“I want to go back,” said Megan, a fifth-grade student.
Her second-grade sister excitedly agreed, “Me, too!”
The girls, along with their mother, Kim Boyll—members of The Lutheran Church of Webster Gardens—spent their spring break this past March in Belize on a mission trip. They joined a group of two-dozen people from the St. Louis area, which included nine other children. The group went there to teach, to talk, and to share God’s love. Concordia Lutheran Church of Kirkwood, Missouri, coordinated the effort.
The days were long and unpredictable. The experience—indelible.
“They are a very good source of protein and water,” said Camy about the termites.
“They were delicious. They taste like raw carrots,” Megan added, noting, “We didn’t eat any other bugs. We ate a lot of rice and chicken, and we had some very good desserts, like oatmeal cookies and carrot cake.”
They all agreed that the best part of their trip was sharing God’s Word. Members of the mission team visited three preschools and hosted Vacation Bible School while they were in Belize. They also read and shared scripturally sound books with delightful illustrations provided by Concordia Publishing House through Concordia Gospel Outreach.
Camy added, “It was cool seeing how everybody was so grateful for what they have when they barely have anything. We have so much and we’re not grateful for it. We want more. They don’t, because they think they have enough.”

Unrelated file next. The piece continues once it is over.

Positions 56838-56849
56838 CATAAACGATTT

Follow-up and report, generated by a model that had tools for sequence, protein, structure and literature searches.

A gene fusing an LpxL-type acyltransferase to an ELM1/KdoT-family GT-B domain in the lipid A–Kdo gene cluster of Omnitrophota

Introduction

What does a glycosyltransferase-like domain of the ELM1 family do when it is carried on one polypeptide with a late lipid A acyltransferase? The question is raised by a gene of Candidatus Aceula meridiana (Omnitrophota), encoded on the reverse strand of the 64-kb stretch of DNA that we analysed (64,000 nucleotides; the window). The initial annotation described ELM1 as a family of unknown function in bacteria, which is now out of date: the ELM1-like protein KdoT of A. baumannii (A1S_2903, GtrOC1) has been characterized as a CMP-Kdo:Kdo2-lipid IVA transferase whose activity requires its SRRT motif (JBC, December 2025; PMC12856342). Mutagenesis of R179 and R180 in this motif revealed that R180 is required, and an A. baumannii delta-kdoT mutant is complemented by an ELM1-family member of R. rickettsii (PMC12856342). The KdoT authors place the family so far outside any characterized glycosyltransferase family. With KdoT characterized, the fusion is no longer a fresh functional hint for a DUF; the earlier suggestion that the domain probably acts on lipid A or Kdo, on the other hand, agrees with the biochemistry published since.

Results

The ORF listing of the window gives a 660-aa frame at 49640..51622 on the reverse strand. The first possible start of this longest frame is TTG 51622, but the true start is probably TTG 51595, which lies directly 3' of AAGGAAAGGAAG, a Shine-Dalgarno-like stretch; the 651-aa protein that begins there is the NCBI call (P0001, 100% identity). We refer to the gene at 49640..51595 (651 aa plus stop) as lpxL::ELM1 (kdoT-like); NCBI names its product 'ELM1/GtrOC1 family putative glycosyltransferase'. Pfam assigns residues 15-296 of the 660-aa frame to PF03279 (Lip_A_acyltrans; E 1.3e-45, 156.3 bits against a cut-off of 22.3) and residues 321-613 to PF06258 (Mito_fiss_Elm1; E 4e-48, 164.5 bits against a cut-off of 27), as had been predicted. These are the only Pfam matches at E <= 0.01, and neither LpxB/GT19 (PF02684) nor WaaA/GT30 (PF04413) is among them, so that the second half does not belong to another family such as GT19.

The classrooms had very few books, but “the teachers were very passionate about what they did,” said Kim. The books were very well received. Belizean children swarmed their guests who read to them, fascinated by the pictures and rich detail of the resources.
“They don’t have books and bookshelves like we do here,” Kim said, referring to the United States. “Teachers in Belize share books among themselves.”
“I gave a Bible to one girl and she was jumping up and down saying, ‘I got a Bible!’” recalled Megan.
There are no public schools in Belize—all the schools there are tuition-based. There is a real economic barrier for some, limiting their access to an education—especially girls, Kim said.
The mission team brimmed with purpose, filling bags with food and passing out those bags as well as books to families in need. They worshiped with the people living there—singing Christian songs from the United States and Belize, celebrating God and His miraculous work, and reveling in the true spirit of fellowship in Christ. Together, they roasted s’mores over an open fire, and the children made colorful bracelets and rings with Rainbow Looms®, a popular toy that involves the use of a special tool to braid elastic bands together.
“Rule of the trip: Always bring a Rainbow Loom with you,” smiled Megan.
The last night of their trip, the missionaries and the Belizeans took part in a family night featuring skits, Rainbow Looming, fake snow, and s’mores.
This marked the fourth year for the trip by missionaries through Concordia Lutheran Church. It was the first for the Boylls. Kim said she was overwhelmed and deeply touched by the outpouring of support she received through the donation of money and resources by friends and the community. It was that support—support that caused her to tear up from heartfelt gratitude—that made her family’s lasting memories, and the connection with Christians in need, a reality.
“It’s amazing how many people supported the trip,” she said. “And the value of the books that were given to these Belizean children is beyond words.”
We need your help to continue the mission. Concordia Gospel Outreach is able to send the Gospel all over the world because of the generous support of our donors. Every donation goes toward sharing the Gospel with someone who might never know Jesus. We encourage you to partner with us in this important work.